In recent months, the data coming out of Spain have been bad, but not quite as bad as before. The unemployment rate, for example, looks like it’s finally starting to fall. Still, at around 26%, this is hardly a cause for celebration.
Many of Spain’s woes relate to the real-estate boom and bust. The average house in the country has lost around 40% of its value since a peak in 2007. Prices have been falling for more than five years, although the pace of decline has mercifully slowed in recent quarters. ‘
Estimates indicate that housing prices should fall by another 10% to 15% before they stabilise. The IMF’s latest report on Spain indicated 15% overvaluation. With the labor market improving very slowly, borrowers will continue to struggle to service their loans. The economy is out of recession, but growth remains anemic. Despite the more positive economic outlook, demand for mortages has not improved much and real wages are not expected to grow.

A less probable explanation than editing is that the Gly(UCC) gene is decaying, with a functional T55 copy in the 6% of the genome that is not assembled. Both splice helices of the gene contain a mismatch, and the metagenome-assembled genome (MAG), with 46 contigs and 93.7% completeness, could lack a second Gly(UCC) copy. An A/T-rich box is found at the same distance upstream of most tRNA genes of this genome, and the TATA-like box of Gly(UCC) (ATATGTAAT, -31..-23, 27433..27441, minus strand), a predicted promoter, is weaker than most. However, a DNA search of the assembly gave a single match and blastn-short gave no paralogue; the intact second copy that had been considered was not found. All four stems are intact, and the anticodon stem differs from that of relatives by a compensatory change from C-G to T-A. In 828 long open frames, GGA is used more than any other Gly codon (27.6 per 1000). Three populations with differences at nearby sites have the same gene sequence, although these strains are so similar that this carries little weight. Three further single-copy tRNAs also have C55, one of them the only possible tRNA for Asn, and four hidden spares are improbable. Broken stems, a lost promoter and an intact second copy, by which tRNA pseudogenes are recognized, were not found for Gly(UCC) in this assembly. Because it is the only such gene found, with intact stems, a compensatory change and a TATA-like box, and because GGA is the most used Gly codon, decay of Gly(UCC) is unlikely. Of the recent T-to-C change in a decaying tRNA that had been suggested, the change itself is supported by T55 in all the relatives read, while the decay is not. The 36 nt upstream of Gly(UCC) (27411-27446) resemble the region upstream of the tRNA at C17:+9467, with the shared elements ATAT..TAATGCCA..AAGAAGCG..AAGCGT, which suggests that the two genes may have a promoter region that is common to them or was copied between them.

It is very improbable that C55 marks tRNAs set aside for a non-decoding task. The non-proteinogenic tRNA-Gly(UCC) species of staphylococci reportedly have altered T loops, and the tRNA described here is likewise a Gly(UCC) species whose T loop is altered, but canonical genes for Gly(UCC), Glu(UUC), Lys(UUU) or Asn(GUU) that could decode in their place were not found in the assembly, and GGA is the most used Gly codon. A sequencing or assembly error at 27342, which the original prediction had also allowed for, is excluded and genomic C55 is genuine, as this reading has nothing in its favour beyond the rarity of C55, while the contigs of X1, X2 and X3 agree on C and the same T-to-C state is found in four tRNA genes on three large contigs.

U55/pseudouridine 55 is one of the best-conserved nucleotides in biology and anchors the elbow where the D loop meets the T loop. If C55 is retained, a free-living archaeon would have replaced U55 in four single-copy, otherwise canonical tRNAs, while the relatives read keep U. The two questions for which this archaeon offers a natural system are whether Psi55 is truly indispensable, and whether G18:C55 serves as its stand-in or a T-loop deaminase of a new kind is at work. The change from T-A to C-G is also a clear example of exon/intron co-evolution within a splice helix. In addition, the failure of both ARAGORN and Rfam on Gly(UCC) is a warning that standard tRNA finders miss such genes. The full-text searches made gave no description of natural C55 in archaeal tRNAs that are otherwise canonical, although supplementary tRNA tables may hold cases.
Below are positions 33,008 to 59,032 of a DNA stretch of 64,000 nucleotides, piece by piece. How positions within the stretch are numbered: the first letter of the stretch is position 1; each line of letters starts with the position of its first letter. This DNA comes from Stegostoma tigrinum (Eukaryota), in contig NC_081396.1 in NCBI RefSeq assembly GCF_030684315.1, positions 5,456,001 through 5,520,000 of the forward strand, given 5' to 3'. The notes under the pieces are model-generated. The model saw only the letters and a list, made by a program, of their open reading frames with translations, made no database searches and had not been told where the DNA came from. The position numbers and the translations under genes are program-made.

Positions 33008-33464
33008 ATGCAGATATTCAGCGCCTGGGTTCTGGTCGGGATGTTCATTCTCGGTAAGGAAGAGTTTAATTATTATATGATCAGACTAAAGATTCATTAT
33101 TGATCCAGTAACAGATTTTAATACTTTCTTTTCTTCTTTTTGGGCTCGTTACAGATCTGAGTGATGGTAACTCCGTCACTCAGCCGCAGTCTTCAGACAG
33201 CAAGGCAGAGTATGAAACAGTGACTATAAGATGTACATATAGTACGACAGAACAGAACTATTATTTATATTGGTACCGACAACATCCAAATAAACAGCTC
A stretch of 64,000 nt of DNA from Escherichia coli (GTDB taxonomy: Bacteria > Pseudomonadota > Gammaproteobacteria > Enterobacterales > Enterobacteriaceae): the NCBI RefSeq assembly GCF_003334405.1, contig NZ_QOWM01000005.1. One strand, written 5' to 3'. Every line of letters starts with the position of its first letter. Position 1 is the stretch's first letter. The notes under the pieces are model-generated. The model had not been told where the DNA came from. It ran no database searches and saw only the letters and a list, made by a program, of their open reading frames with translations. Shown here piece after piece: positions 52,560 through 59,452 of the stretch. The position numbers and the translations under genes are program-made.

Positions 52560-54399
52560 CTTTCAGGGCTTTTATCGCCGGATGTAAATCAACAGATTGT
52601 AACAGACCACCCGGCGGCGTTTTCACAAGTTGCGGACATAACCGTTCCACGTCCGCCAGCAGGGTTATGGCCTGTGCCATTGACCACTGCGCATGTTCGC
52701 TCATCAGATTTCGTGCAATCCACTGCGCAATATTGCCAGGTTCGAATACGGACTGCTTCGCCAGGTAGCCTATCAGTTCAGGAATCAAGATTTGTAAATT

The combination of high unemployment and plunging property prices is bad news for Spanish banks. Non-performing loans have set a new record. Doubtful loans in December were worth a whopping €197 billion ($270 billion). Spanish banks’ bad debt is worth roughly as much as the entire economy of Singapore, and growing. Just under 14% of all Spanish bank loans are now behind on payments, and this ratio is likely to get worse before it gets better. Banks have been reining in lending, with credit falling at a 10% annual pace in the latest data.
At the same time Spanish bond yields have collapsed to their lowest since 2006, yields in some cases are hitting record lows and marginally above those of the US. One might be surprised to learn that unemployment is at record highs, youth joblessness is at record highs, and Spanish bad loans are at record highs once again.
Increased optimism or Investors reaching for yield.